Fulbright scholarship recipients Savannah Dowling '12 and Sidney Karesh '12 teach English abroad.
Savannah Dowling ’12
and Sidney Karesh ’12
both earned the prestigious Fulbright scholarship to teach English in Jordan and Belarus, respectively. The Fulbright U.S. Student Program
is a highly selective international exchange program that provides grants for overseas study, research or English teaching assistantships and is sponsored by the U.S. Department of State. Grants are awarded to the most qualified students following a rigorous application and approval process. More than 11,000 applicants from more than 140 countries compete for approximately 1,900 awards annually. Evaluation is based on a variety of factors including proof of high academic achievement and evidence that the candidate will advance the Fulbright mission to collectively address global challenges and work toward world peace. Fulbright alumni have gone on to earn 59 Nobel Prizes and 84 Pulitzer Prizes, and 37 have served as a head of state or government.
When she started high school, Savannah Dowling ’12 was certain that she wanted to be a physician, but by the time she graduated, she knew life had a different plan. After graduating from La Jolla Country Day School, Dowling attended Cornell University, where she earned a bachelor’s degree in Near and Middle Eastern Studies and China and Asia Pacific Studies in 2016. That same year, Dowling was awarded a Fulbright English Teaching Assistantship in Amman, Jordan, where she spent the 2016–2017 school year teaching English to seventh-graders at Al-Asriyya School. Dowling describes her time in Jordan as the culmination of many years of learning Arabic and studying Middle Eastern politics at LJCDS and in college. “I learned so much from the experience—particularly what it’s like being on the ‘other side’ of the language learning equation,” she reflects. “As a passionate language learner, I am deeply familiar with the difficulties that come with learning a foreign language. Learning a second language isn’t easy, and teaching a language isn’t either.”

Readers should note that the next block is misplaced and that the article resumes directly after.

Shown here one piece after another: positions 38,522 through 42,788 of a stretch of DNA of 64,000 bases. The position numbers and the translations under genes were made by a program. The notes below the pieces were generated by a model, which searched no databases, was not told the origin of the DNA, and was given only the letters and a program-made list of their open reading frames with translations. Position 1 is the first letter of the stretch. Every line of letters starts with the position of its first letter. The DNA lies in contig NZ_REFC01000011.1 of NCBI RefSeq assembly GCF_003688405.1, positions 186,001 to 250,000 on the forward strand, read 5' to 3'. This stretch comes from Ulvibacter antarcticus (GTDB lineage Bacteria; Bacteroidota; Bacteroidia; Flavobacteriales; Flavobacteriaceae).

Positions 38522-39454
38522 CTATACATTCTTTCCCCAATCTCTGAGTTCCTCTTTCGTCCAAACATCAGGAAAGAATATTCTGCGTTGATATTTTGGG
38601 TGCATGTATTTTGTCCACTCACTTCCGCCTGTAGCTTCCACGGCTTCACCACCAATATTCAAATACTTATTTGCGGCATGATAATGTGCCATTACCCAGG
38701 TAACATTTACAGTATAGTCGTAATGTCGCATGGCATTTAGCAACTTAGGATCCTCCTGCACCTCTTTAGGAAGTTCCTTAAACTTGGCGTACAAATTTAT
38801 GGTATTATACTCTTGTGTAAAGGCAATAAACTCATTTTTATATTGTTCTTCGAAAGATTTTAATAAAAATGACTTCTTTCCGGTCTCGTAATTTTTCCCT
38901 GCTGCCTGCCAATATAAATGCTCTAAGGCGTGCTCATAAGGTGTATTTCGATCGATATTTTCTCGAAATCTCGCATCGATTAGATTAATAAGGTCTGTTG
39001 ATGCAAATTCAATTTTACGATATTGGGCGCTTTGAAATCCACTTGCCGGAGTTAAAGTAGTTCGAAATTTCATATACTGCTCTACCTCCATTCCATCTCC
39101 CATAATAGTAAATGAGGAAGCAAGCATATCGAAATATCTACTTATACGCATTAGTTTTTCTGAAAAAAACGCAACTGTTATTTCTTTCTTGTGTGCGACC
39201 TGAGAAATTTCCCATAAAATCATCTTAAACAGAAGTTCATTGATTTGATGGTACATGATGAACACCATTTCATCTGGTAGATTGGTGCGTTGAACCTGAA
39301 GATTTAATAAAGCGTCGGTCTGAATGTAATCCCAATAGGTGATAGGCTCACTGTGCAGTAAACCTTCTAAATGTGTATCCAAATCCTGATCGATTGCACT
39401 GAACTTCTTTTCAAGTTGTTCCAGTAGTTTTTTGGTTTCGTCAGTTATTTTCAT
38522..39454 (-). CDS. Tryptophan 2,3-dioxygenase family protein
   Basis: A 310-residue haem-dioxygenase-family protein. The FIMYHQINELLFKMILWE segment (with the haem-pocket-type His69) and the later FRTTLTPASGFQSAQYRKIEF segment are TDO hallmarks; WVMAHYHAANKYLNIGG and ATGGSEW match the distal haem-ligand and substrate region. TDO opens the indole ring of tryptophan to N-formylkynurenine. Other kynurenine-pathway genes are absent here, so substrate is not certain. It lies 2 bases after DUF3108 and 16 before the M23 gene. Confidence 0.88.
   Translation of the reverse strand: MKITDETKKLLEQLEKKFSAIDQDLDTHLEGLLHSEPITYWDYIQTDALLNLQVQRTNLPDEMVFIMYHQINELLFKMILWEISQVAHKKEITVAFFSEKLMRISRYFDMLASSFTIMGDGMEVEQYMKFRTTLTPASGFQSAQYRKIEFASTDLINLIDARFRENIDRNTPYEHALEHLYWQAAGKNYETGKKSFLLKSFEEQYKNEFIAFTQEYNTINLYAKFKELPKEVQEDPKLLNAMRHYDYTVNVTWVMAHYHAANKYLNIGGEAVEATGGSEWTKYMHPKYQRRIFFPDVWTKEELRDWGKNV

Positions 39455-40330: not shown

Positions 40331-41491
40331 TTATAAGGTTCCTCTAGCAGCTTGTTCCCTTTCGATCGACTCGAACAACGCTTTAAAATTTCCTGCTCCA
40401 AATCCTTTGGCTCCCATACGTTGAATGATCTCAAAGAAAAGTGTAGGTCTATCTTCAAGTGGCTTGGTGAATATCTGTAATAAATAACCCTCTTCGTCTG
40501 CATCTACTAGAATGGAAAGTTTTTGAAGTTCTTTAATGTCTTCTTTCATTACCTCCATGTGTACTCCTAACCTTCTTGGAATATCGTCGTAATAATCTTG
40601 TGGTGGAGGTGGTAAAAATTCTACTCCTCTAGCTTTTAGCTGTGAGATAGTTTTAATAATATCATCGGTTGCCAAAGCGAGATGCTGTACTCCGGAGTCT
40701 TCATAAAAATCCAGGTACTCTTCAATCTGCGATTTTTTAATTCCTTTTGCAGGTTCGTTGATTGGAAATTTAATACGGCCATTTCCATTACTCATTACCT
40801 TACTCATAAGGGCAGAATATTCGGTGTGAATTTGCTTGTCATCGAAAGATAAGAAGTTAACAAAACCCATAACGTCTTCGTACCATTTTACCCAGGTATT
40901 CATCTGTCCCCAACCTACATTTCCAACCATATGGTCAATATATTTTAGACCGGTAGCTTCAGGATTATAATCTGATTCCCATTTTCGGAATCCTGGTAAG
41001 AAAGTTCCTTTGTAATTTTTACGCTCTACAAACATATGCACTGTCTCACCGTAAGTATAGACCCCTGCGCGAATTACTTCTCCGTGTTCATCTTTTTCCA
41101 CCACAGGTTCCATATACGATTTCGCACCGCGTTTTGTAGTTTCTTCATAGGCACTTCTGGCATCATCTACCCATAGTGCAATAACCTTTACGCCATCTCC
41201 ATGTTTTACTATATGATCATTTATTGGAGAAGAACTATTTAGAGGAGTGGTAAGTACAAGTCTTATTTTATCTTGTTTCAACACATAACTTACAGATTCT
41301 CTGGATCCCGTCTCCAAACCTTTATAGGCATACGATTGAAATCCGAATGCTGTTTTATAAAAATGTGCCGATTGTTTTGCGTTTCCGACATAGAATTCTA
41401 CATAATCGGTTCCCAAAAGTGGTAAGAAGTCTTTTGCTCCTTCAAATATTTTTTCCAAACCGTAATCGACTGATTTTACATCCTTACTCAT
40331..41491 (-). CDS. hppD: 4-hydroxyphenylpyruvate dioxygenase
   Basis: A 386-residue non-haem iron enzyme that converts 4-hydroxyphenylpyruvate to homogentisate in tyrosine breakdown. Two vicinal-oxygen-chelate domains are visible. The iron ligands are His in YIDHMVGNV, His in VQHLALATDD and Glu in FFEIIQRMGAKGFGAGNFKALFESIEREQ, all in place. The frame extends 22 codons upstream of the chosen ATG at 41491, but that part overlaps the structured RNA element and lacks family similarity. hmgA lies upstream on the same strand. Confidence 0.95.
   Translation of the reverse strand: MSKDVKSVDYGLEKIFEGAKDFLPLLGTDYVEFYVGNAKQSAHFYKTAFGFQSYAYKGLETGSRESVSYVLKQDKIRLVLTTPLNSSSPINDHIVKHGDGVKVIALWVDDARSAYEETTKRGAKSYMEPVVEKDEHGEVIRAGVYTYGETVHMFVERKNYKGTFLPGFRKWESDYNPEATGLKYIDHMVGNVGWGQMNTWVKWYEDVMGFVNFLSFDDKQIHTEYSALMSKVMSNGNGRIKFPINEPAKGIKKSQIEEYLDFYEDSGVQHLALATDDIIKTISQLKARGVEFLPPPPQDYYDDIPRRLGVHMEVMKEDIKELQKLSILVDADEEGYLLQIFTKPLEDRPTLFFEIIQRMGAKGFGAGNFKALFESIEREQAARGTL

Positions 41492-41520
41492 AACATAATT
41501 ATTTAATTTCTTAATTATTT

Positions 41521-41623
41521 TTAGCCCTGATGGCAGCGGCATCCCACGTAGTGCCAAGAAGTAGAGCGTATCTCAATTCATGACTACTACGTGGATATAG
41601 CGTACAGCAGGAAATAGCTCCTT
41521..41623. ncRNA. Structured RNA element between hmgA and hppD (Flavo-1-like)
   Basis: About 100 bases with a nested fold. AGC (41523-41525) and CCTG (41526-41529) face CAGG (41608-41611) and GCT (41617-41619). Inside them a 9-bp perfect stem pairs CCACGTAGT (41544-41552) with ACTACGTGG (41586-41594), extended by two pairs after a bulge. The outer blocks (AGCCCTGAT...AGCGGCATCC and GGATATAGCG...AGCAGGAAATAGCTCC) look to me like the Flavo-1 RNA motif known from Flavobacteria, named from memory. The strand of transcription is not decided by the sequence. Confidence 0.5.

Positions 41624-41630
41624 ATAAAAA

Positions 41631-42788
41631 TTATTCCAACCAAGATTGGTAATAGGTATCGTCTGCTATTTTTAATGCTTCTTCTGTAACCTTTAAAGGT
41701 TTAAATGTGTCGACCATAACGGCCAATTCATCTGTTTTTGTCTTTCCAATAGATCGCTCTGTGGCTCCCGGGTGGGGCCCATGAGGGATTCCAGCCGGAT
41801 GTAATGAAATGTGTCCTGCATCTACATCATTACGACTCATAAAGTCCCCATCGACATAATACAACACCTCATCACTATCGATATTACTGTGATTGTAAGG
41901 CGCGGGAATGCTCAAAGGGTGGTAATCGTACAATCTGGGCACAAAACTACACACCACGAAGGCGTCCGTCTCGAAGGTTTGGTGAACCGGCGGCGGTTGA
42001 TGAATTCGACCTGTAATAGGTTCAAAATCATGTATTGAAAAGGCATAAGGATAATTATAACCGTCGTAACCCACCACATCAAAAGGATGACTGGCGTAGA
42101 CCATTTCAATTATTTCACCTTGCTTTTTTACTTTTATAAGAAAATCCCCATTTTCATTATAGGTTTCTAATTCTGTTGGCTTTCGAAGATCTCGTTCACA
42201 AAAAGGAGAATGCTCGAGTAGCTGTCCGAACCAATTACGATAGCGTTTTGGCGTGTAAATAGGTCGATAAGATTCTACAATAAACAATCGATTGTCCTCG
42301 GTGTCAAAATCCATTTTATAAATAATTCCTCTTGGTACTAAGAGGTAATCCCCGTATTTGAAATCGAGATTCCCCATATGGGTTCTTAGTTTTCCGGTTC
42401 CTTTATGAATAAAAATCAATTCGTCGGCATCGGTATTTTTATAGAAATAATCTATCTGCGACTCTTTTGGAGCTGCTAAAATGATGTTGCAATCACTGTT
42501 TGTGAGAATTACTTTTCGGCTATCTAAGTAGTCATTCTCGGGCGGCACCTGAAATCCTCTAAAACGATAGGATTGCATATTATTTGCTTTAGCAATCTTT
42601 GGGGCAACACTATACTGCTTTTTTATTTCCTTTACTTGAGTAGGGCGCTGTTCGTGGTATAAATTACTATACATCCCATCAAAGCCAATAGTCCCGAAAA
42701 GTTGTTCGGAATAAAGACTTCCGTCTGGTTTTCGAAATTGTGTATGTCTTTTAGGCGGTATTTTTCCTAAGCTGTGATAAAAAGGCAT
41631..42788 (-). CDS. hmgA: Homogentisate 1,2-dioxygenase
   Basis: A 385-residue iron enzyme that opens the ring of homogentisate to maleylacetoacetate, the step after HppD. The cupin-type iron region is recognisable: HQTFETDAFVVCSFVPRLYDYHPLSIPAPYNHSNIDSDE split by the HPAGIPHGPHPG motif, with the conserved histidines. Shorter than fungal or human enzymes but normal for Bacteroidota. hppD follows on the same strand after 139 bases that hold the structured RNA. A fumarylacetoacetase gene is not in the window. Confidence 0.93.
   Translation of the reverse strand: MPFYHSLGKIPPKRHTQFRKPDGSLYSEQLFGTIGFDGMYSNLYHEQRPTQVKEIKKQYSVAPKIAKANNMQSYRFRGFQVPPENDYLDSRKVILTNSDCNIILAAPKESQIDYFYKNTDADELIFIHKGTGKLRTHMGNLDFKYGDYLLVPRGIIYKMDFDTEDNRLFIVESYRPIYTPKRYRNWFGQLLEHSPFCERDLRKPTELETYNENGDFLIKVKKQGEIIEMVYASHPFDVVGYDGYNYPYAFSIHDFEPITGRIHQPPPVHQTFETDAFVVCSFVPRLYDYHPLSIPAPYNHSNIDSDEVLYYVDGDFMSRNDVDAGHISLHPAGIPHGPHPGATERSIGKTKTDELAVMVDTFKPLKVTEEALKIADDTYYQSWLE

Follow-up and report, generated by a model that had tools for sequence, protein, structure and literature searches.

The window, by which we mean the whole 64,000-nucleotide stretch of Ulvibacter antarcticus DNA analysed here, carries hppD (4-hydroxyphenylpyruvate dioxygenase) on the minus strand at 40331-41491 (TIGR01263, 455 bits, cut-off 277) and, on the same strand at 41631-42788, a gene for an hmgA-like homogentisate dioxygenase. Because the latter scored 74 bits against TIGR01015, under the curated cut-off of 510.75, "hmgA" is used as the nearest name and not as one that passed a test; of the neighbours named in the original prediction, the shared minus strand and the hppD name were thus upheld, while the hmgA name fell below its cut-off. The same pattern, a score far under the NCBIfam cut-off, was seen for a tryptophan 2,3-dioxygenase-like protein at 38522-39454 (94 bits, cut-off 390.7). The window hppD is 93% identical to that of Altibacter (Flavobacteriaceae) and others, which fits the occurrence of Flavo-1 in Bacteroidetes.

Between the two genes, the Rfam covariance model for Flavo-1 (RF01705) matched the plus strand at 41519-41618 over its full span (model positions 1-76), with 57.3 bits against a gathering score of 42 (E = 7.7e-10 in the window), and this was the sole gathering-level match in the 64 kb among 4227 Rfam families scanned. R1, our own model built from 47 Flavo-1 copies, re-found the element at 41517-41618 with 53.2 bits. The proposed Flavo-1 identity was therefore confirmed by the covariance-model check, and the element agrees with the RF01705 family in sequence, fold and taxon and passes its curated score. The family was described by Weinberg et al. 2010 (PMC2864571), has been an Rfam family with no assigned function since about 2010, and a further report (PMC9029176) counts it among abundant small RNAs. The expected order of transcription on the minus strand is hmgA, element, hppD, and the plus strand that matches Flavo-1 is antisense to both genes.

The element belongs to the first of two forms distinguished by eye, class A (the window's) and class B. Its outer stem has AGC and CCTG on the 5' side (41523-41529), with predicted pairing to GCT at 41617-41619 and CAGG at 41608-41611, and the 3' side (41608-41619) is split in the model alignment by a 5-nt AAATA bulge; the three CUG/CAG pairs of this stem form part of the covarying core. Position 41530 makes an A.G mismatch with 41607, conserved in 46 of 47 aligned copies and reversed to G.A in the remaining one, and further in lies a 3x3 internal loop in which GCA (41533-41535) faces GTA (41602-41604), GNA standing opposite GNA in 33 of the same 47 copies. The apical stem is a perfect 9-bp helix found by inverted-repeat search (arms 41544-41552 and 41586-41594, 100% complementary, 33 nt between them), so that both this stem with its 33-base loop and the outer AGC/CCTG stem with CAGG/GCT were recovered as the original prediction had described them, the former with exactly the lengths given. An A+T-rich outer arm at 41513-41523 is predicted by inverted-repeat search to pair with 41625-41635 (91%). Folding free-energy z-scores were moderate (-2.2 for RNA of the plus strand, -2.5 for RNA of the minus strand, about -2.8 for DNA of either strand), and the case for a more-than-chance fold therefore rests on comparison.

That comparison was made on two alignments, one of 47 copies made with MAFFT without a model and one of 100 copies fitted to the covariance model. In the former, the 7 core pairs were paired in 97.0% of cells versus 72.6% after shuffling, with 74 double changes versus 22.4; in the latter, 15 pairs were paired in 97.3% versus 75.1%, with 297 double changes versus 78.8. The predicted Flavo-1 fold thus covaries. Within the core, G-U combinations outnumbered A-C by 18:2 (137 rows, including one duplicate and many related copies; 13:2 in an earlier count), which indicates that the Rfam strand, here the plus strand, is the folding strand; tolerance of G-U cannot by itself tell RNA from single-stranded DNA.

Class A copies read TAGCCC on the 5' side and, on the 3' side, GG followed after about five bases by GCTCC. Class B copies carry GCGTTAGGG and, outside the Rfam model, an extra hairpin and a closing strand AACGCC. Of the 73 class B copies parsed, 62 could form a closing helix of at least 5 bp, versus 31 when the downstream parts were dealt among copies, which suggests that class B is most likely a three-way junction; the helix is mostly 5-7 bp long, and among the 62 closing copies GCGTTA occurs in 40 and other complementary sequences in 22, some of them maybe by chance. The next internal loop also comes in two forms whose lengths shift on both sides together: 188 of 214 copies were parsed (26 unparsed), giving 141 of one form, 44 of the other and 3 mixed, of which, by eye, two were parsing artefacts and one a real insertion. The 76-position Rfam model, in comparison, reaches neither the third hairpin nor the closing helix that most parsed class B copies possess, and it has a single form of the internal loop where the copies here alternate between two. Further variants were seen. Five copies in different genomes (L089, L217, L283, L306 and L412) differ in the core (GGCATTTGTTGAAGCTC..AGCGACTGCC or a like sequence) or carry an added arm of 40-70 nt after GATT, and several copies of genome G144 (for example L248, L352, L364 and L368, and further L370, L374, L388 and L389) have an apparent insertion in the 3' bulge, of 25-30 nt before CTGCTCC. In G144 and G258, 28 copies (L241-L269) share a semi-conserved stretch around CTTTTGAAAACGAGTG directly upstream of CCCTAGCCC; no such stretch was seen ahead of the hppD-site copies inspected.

In addition to teaching, Dowling interned at Endless, a company that produces software and computers for people who do not have reliable access to the internet. As the ground team liaison, she helped facilitate Endless’s partnership with UNICEF in the Middle East and North Africa region. She also worked for a law office in Amman that focuses on protecting and upholding the rights of migrant workers in Jordan.
Dowling is currently a reporter at Crunchbase News, where she writes about the intersection of money and technology. Her research is focused on startups and venture capital in Asia.
Imagine standing in front of a classroom where you’ve prepared an 80-minute English lesson for a group of college students who are the same age as you—except they are non-native English speakers. For Sidney Karesh ’12, it’s just another day at the office.
Karesh was awarded a coveted Fulbright English Teaching Assistantship to guest lecture at Minsk State Linguistic University in Belarus. She spent the 2017–2018 academic year covering a variety of topics from Mass Media to American Studies, teaching up to 16 different classes, delivering a new lesson every two weeks.
In addition to her regular lessons, Karesh developed “English Walk and Talks,” informal meetings at a local park where students could practice English in a more casual setting. These meetups also allowed her to build relationships with students that she would otherwise have seen only a couple of times. She additionally set up an online classroom to share articles, book recommendations, English resources and even some memes.
Outside of the university, Karesh led weekly conversation clubs at the international library, worked with the public affairs department of the United States Embassy, and traveled to other towns and cities in Belarus where she led activities.
Before the Fulbright opportunity, Karesh graduated from Brown University in 2016 and served as a City Year AmeriCorps Member for one year, working with sixth-graders at Lee Mathson Middle School in San Jose, California.
Since her earliest memories, Karesh has wanted to be a teacher. “I could not be more appreciative for the education I have had,” she says. “And I fundamentally believe that every child should have access to the opportunities, resources and support to flourish in their educational careers and beyond.”